While Peter Groucutt, managing director at Databarracks, acknowledges the importance of certain ISO certifications, especially for managed service providers (MSPs) seeking to do business with larger customers or those in regulated industries, he adds that “they are ‘table-stakes’ or just a hygiene factor which makes it difficult to justify the expense over something that will more actively drive new business, like investment in marketing or expanding the sales team”.
“Accreditations ensure that the staff who design and deliver our solutions are trained and kept up to date with the latest technological developments”
Emma Porter, OGL Computer
And that’s the big issue for a lot of smaller channel partners. Do they bother with certifications and accreditations if they need to be investing in other parts of the business?
Distinguishing between vendor accreditations and industry certifications
The first thing to say is there is a distinction between vendor accreditations and industry certifications. In terms of vendor accreditations, Global Knowledge’s Schweer says they are a selling tool for partners.
“If a customer is looking for a reseller, they go first to tech providers such as Cisco, AWS and Microsoft to find out who the authorised partners are in their area, technology or vertical,” he states. “If the reseller does not have the right certifications in place, they won’t be displayed. That’s a huge missed opportunity for new business as well as third-party validation of your organisation. So it’s a mandate that they have certifications. Furthermore, from the customer’s perspective, it is an assurance that they are working with the right company.”
He adds that it comes down to what story partners want to tell customers: “Do you want to go to market with a reassurance message? Or do you want to highlight that you are continuously investing in your people and requiring them to keep their skills as current as possible so they can deliver exceptional results for you, their customer?”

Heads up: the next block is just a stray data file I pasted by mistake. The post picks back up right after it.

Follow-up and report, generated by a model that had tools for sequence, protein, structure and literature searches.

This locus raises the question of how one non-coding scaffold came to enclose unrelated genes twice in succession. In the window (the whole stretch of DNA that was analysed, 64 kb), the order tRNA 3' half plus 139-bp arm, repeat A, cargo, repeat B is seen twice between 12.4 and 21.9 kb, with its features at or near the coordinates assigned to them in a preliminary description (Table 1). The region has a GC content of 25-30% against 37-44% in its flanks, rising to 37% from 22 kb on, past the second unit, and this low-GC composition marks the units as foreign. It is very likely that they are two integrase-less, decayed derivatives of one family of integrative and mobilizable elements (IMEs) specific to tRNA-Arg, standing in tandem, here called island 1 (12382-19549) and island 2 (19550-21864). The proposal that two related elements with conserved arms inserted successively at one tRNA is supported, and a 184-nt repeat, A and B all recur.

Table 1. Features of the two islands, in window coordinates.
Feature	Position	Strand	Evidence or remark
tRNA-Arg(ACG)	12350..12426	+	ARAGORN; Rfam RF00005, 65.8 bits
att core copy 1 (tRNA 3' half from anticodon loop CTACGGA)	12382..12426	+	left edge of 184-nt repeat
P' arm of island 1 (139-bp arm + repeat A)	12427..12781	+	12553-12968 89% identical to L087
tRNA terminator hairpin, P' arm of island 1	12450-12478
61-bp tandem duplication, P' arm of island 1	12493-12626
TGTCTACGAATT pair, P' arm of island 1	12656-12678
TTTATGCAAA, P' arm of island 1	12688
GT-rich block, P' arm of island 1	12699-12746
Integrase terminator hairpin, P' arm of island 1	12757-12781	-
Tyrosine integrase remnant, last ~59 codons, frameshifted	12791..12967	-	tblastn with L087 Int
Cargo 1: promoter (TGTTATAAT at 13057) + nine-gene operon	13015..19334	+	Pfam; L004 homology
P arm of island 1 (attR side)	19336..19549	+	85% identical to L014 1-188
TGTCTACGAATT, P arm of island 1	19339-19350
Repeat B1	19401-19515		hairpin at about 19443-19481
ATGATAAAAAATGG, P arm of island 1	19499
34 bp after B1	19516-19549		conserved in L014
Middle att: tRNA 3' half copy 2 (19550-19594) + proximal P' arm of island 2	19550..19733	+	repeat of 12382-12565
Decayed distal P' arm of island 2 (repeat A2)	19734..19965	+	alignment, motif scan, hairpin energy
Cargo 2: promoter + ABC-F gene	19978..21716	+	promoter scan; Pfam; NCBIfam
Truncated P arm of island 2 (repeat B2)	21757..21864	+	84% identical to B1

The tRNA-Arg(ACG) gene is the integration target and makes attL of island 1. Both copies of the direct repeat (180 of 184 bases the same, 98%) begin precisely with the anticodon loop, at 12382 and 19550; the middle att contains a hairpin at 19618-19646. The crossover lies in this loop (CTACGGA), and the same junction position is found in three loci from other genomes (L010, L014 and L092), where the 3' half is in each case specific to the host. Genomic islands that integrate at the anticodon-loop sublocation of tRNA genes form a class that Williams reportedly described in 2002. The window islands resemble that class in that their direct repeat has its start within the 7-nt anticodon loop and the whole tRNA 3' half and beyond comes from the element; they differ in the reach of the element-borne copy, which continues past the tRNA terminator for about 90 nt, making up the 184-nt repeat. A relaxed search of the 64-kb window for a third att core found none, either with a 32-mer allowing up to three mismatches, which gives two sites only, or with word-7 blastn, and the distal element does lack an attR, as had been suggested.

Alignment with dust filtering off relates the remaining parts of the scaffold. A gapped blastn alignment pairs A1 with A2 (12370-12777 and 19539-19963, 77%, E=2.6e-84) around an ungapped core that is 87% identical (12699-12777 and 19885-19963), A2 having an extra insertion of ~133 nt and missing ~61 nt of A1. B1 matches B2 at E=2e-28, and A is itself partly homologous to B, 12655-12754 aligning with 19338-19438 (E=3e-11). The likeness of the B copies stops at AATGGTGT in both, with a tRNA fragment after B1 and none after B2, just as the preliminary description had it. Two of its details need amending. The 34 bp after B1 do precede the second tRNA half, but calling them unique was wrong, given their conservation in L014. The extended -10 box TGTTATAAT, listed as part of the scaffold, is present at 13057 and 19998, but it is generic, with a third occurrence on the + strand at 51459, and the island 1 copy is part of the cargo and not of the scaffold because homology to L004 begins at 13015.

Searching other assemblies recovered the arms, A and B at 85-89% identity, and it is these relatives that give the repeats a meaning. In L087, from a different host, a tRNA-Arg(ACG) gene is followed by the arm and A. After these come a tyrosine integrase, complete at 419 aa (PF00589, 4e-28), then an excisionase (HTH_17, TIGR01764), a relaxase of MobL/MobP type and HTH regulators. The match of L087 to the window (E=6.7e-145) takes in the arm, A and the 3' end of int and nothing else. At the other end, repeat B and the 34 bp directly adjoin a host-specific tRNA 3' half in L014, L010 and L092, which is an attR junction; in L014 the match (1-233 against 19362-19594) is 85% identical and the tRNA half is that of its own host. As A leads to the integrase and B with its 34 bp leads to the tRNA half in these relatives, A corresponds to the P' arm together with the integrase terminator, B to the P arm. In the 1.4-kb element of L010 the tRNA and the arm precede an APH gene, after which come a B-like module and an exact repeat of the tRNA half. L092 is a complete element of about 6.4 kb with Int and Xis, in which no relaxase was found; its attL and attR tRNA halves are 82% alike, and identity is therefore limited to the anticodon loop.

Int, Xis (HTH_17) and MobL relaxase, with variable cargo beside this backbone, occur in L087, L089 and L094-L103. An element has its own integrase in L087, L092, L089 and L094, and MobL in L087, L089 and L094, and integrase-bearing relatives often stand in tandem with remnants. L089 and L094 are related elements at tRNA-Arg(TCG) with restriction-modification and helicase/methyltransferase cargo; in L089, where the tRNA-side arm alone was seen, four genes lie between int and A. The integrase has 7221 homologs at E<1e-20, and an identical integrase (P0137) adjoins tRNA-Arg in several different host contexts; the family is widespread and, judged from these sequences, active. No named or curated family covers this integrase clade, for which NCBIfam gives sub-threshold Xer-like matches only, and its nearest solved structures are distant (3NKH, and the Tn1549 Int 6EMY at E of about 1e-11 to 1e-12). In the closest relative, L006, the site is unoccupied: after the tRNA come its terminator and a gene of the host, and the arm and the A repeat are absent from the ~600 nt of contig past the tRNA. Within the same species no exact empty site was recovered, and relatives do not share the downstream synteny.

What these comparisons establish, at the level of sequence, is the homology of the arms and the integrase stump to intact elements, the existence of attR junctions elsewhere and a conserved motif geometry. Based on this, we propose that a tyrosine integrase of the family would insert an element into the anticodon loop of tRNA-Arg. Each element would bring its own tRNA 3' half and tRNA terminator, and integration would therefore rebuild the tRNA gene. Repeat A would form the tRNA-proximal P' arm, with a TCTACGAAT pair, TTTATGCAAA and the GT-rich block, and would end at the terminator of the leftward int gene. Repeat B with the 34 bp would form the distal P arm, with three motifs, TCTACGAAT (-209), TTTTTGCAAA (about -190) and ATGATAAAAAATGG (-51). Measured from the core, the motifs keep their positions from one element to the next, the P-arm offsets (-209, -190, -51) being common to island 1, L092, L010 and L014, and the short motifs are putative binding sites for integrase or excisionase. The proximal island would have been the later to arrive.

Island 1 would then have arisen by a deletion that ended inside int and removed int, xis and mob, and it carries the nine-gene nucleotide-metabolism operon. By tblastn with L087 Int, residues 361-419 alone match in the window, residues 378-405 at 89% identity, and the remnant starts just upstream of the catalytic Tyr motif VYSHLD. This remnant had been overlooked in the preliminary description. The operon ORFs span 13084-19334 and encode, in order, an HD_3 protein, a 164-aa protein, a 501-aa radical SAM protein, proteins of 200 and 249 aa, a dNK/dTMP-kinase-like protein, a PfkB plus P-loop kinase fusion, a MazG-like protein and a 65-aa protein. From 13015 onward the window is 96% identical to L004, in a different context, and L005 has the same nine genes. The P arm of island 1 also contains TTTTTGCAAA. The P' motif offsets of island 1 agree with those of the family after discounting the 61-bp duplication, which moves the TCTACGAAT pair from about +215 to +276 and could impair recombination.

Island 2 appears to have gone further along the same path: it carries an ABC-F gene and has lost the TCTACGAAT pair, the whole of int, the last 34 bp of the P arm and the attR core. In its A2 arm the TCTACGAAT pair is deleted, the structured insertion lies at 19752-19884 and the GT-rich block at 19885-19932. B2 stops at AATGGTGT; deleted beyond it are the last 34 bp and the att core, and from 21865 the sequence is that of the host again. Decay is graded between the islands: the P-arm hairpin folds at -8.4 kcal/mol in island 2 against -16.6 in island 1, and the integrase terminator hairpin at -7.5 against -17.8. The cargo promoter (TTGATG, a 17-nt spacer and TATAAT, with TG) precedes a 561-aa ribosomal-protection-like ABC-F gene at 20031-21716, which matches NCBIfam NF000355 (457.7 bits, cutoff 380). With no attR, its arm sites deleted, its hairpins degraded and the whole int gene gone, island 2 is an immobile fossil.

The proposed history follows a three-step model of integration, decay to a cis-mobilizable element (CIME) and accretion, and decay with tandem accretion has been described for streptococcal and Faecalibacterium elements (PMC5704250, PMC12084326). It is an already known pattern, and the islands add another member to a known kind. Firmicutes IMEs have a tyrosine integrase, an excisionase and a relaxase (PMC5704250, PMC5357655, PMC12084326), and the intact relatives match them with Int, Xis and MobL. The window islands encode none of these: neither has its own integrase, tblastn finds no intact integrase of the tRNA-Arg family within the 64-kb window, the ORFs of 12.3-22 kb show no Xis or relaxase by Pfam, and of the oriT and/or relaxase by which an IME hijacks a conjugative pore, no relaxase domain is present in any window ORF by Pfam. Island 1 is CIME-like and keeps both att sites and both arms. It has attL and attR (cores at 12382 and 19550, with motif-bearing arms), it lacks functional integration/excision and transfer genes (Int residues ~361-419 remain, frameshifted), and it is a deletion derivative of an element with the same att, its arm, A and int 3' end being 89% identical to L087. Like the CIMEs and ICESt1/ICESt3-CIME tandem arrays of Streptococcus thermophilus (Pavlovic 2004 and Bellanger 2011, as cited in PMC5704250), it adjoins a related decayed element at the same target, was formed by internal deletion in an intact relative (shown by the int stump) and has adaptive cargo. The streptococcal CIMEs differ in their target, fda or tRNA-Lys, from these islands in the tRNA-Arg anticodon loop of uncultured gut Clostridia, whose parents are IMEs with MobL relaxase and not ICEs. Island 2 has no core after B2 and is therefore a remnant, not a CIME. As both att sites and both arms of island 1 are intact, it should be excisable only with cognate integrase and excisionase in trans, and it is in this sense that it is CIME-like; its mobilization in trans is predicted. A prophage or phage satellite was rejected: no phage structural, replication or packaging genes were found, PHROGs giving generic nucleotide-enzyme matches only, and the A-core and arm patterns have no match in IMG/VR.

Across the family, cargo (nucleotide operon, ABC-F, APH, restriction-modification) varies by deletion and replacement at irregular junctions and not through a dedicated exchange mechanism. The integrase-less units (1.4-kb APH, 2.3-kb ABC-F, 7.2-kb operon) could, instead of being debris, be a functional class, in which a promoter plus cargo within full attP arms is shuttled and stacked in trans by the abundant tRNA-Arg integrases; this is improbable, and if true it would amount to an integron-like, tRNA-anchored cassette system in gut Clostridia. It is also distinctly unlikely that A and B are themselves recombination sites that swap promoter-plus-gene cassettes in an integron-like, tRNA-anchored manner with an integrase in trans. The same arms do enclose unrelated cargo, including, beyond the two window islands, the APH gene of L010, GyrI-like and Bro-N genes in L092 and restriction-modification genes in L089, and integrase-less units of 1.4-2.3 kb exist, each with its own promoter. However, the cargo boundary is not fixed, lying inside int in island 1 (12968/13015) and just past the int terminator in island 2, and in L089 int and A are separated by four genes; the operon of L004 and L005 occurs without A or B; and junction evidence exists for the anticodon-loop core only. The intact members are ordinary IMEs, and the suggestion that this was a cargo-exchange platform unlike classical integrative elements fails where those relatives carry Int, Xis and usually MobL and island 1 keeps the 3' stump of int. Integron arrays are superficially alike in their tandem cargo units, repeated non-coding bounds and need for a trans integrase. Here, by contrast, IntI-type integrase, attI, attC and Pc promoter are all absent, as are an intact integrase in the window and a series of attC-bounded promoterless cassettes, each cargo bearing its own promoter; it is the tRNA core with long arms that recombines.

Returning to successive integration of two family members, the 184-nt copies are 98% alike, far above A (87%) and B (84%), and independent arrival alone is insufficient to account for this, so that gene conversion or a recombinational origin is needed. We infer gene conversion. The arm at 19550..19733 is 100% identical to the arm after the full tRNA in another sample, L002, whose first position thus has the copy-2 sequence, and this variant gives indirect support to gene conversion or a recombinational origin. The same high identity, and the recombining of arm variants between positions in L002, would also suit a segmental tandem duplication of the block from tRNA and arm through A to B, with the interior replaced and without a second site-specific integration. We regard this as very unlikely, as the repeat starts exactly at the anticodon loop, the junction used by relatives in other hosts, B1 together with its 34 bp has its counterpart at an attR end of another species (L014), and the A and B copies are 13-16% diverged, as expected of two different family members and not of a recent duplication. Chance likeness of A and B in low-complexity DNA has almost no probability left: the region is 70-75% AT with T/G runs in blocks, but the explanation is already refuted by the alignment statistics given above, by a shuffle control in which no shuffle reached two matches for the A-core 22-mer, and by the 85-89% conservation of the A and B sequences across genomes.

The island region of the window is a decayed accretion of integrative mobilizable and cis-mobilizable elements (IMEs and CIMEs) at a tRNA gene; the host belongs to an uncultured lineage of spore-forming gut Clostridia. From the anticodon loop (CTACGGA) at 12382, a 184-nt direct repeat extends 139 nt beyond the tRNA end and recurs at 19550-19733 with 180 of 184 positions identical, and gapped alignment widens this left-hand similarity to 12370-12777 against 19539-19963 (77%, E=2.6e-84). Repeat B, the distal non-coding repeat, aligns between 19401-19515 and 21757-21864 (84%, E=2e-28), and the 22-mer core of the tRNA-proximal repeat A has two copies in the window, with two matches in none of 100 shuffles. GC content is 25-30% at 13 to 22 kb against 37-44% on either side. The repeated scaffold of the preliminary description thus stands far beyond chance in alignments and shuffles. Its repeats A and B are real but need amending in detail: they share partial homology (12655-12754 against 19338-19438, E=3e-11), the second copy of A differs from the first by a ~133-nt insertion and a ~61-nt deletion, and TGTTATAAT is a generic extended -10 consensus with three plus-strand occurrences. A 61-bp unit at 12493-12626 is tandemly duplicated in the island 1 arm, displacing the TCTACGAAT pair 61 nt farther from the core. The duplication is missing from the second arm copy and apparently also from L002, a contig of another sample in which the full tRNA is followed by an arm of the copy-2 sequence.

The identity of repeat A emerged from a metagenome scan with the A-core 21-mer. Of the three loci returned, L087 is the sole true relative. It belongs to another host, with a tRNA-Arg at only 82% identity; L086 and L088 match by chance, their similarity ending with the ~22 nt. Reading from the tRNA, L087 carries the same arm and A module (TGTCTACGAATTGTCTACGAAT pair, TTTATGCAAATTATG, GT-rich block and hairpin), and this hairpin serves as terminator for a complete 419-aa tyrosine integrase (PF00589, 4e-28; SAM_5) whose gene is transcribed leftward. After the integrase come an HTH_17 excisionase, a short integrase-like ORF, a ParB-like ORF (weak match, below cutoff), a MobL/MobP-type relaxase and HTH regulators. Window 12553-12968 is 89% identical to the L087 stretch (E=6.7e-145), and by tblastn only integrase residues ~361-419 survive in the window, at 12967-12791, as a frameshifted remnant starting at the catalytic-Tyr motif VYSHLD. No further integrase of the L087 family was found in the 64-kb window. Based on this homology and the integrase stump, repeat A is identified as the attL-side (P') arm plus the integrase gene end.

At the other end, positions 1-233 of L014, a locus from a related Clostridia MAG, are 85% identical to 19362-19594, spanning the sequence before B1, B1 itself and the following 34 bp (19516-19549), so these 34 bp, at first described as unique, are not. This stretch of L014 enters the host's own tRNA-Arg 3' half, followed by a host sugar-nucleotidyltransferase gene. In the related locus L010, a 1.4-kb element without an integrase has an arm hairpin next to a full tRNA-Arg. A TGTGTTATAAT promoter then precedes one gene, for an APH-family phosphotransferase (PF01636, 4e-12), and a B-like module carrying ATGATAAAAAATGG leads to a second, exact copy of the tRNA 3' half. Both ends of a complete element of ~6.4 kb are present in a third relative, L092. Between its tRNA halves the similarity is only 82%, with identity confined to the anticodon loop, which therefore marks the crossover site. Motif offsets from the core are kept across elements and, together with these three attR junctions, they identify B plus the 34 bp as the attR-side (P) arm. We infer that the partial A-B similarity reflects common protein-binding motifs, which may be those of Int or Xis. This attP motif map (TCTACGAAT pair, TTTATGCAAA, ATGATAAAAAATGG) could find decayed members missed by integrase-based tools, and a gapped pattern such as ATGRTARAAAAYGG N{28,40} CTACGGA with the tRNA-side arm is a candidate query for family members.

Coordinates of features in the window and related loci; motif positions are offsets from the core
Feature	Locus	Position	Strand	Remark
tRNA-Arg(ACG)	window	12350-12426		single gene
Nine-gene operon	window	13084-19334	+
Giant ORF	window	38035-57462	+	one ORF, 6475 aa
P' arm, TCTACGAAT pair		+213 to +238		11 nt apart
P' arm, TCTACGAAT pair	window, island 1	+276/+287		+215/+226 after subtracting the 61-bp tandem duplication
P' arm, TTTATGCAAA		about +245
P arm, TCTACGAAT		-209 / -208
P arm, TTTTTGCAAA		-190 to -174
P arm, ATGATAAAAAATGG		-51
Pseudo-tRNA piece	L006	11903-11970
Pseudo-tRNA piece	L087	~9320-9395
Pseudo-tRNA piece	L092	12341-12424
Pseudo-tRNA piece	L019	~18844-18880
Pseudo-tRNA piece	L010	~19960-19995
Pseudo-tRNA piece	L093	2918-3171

Schweer says it’s also in the interests of vendors so most of them realise “they have to make some level of funding available to ensure they have a base level of certified partners”.
Kostem makes the argument that accreditations and certifications depend on the size of the partner and its ambitions for growth. “If you are a partner that wants to expand and take a serious slice of the market, then these accreditations are absolutely paramount to your growth strategy,” he says.
Joseph Carson, chief security scientist and advisory chief information security officer (CISO) at Thycotic, believes accreditations and certifications are important because they “prove the channel partner went through the time and effort to obtain the certifications, meaning they are following some form of best practices and standards”. But he stresses that “it is not enough to depend on the certification alone”.
“If you are a partner that wants to expand and take a serious slice of the market, then these accreditations are absolutely paramount to your growth strategy”
Alp Kostem, Exponential-e
Eddie DeWolfe, vice-president of global channels and alliances at Fidelis Cybersecurity, agrees they are significant to customers because they want to know that a partner has a good understanding of the product they are selling and are able to provide proper support. “They also help the partner achieve milestones that can lead to advancement in the channel programme to higher levels,” he says.
DeWolfe adds that in a bid to simplify and streamline the process of achieving accreditations, partners are now being offered online training and certifications. “This means partners can complete training based on their schedule and at their pace,” he says.